|Boston Legal||Kevin Givens||Episode: "Guise 'n Dolls"|
|2009, 2012||Psych||Tony||2 episodes|
|2010||Fake It Till You Make It||Reggie Culkin||8 episodes; executive producer|
|2011||The Problem Solverz||K-999||Voice; 2 episodes|
|Are We There Yet?||Ray Savage||Episode: "The Nick Gets Jealous Episode"|
|House||Portland||Episode: "Twenty Vicodin"|
|Love That Girl!||Director||Episode: "Director's Cut"|
|2012||NCIS||Martin||Episode: "A Desperate Man"|
|SuperF*ckers||Percy / Omnizod||Voice; web series|
|2012–13||Total Blackout||Host||24 episodes|
|2013||Regular Show||Cool Shade / Darryl||Voice role; episode: "TGI Tuesday"|
|2014||CSI: Crime Scene Investigation||Kenny / Passenger||Episode: "Keep Calm & Carry On"|
|Celebrities Undercover||Himself||Episode: "Joey Fatone & Jaleel White"|
|2014, 2015||Drunk History||Grandmaster Caz/Bass Reeves||2 episodes|
|2015||Hell's Kitchen||Himself||Episode: "11 Chefs Compete"|
|Hawaii Five-0||Nolan Fremont||Episode: "Ho'amoano"|
|Castle||Mickey Franks||Episode: "Dead in New York"|
|2016||Survivor's Remorse||Derek||Episode: "The Photoshoot"|
|Celebrity Family Feud||Himself||Season 2, Episode 7|
|Atlanta||Himself||Season 1, Episode 5|
|2011||Sonic Generations||Classic Sonic||Originally before or while in development|
Awards and nominations
|Year||Award||Category||Title of work||Result|
|1985||Young Artist Award||Best Young Actor - Guest in a Television Series||The Jeffersons||Nominated|
|1986||Best Young Supporting Actor in a New Television Series||Charlie & Co.|
|1991||Outstanding Young Comedian in a Television Series||Family Matters||Won|
|1994||NAACP Image Awards||Outstanding Youth Actor/Actress|
|1996||Nickelodeon Kids' Choice Awards||Favorite Television Actor||Nominated|
|NAACP Image Awards||Outstanding Lead Actor in a Comedy Series|
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- "NOTABLE ALUMNI ACTORS". UCLA School of Theater, Film and Television. Retrieved September 29, 2014.
- "Jaleel White: A Busy Young Man". The Prescott Courier. April 26, 1991. p. 2. Retrieved April 7, 2014.
- Cutler, Jacqueline (August 21, 1999). "Jaleel White graduates to life among the 'Grown Ups'". The Rochester Sentinel. p. 5. Retrieved December 7, 2012.
- Ryan, Mike (June 14, 2011). "Q&A: Jaleel White on His 31-Year Career". vanityfair.com. Retrieved January 26, 2013.
- "Blacks on TV: Tuning in to the New Season". Ebony. Johnson Publishing Company. 40 (12): 68–69. October 1985. ISSN 0012-9011.
- "CBS Yanks 'Charlie & Co.', 'Trapper' In New Season". Jet. Johnson Publishing Company. 70 (10): 61. May 26, 1986. ISSN 0021-5996.
- Burlingame, Jon (September 24, 1988). "Sunday Highlights". The Modesto Bee. pp. A–10. Retrieved December 22, 2012.
- "Family Matters: 1989-1998". people.com. June 26, 2000. Retrieved October 11, 2008.
- Rhudy, Ben (November 12, 2006). "M&C Exclusive Interview: Jaleel White talks "Who Made the Potatoe Salad?"". monstersandcritics.com. Retrieved October 11, 2008.
- Gay, Verne (July 9, 1998). "Off Camera - Dissing 'Family' Goodbye/CBS Buries Finale of Show It Grabbed and Dropped". Newsday. p. B35.
- Chris Willman, TV Reviews : Jaleel White and His Alter Ego in Special, Los Angeles Times, February 22, 1992.
- Noxon, Christopher (August 22, 1999). "Jaleel White ('Don't Call Me Urkel') Grows Up". nytimes.com. Retrieved October 11, 2008.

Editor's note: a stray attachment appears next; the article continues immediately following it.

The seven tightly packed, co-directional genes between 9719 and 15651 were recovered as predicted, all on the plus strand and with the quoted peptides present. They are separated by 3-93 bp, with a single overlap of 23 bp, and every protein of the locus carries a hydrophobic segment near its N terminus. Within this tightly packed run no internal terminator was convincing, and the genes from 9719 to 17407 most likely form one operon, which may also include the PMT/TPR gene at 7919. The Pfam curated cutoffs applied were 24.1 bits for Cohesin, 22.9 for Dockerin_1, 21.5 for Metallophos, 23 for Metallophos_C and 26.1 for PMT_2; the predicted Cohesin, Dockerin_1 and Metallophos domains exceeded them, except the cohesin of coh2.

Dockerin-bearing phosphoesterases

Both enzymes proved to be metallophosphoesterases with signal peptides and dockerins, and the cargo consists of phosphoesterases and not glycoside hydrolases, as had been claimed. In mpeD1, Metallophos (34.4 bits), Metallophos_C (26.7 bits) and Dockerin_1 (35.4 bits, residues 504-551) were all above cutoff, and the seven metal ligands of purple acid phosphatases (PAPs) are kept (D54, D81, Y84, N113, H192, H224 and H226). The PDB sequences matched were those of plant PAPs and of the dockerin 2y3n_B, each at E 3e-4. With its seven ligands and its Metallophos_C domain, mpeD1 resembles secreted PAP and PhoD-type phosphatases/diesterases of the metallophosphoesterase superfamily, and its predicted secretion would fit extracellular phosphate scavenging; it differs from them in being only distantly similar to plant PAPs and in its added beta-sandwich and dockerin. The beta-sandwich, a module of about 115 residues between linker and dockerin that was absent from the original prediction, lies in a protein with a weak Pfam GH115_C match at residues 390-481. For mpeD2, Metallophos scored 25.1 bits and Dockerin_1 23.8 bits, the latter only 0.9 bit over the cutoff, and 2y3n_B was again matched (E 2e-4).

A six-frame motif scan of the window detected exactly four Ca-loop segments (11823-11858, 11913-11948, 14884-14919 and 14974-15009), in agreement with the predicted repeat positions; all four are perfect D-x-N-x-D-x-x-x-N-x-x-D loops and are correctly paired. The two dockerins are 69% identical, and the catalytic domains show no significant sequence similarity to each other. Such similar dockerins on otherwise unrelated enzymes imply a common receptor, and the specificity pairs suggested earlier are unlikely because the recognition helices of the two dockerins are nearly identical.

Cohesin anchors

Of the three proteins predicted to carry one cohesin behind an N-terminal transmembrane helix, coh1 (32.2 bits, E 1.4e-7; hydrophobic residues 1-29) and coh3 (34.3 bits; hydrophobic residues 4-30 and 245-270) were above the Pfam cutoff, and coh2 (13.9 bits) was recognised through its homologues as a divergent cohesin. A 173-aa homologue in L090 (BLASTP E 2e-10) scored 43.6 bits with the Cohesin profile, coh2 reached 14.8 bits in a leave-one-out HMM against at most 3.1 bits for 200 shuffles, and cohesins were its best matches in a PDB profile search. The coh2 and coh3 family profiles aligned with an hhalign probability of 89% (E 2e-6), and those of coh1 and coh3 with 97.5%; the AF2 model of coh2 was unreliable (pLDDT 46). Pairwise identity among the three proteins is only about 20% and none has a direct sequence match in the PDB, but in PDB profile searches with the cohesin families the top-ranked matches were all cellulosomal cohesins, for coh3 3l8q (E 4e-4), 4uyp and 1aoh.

- Tucker, Ken (September 10, 1999). "Mo' and More". ew.com. Retrieved October 11, 2008.
- "Jaleel's 'Grown Ups' Premiere Brings White-Hot Ratings For UPN". nydailynews.com. August 5, 1999. Retrieved December 7, 2012.
- Bianculli, David (September 11, 2000). "First and Cursed: 'Girlfriends' Ripe For Debut Jinx". nydailynews.com. Retrieved April 7, 2014.
- "Celebrity Mailbag". The Toledo Blade. October 9, 1998. p. 4. Retrieved April 7, 2014.
- Erikson, Hal (2005). Television Cartoon Shows: The shows, M-Z (2 ed.). McFarland & Co. p. 758. ISBN 0-786-42256-4.
- "Where Are the Child Stars of Yesterday?". Ebony. Johnson Publishing Company. 59 (7): 98. May 2004. ISSN 0012-9011.
- "TV Q&A". The Post and Courier. June 29, 2007. p. 2-D. Retrieved April 7, 2014.
- "Access the Web: Jaleel White's 'Road To the Altar'". accesshollywood.com. June 16, 2009. Retrieved April 7, 2014.
- Garcia, Catherine (June 8, 2010). "'Family Matters' star Jaleel White talks first season DVD and new web series". popwatch.ew.com. Retrieved April 7, 2014.
- Schwartz, Alison (August 29, 2011). "Cee Lo Green's 'Cry Baby' Stunt Double: Jaleel White". people.com. Retrieved December 7, 2012.
- La Rosa, David (September 2, 2011). "House Goes to Jail with Steve Urkel". runninglip.com. Retrieved September 3, 2011.
- Shen, Maxine (April 25, 2012). "'Total Blackout' host Jaleel White on why you should be scared of the dark: A Q&A (also 'Psych' and 'DWTS')". nypost.com. Retrieved December 7, 2012.
- Owen, Rob (February 5, 2016). "TV Q&A: 'Madam Secretary,' 'Call the Midwife' and 'Nightly Sports Call'". Pittsburgh Post-Gazette.
- "Dancing with the Stars Cast Announced". February 28, 2012. Retrieved February 28, 2012.
- Parsley, Aaron (March 19, 2012). "Dancing with the Stars Returns with a Vengeance". people.com. Retrieved March 26, 2012.
- Shira, Dahvi (May 1, 2012). "Dancing with the Stars: Jaleel White Heads Home". people.com. Retrieved December 7, 2012.
- Schwartz, Alison; Triggs, Charlotte (April 6, 2012). "Jaleel White Didn't Know About His 'Jerkel' Nickname". people.com. Retrieved December 7, 2012.
- Fleeman, Mike (March 29, 2012). "Jaleel White Speaks Out About Ex-Girlfriend's Abuse Allegations". people.com. Retrieved December 7, 2012.
- Willman, Chris (February 22, 1992). "TV Reviews : Jaleel White and His Alter Ego in Special". Los Angeles Times.
- Regular Show Season 4 Episode 10 closing credits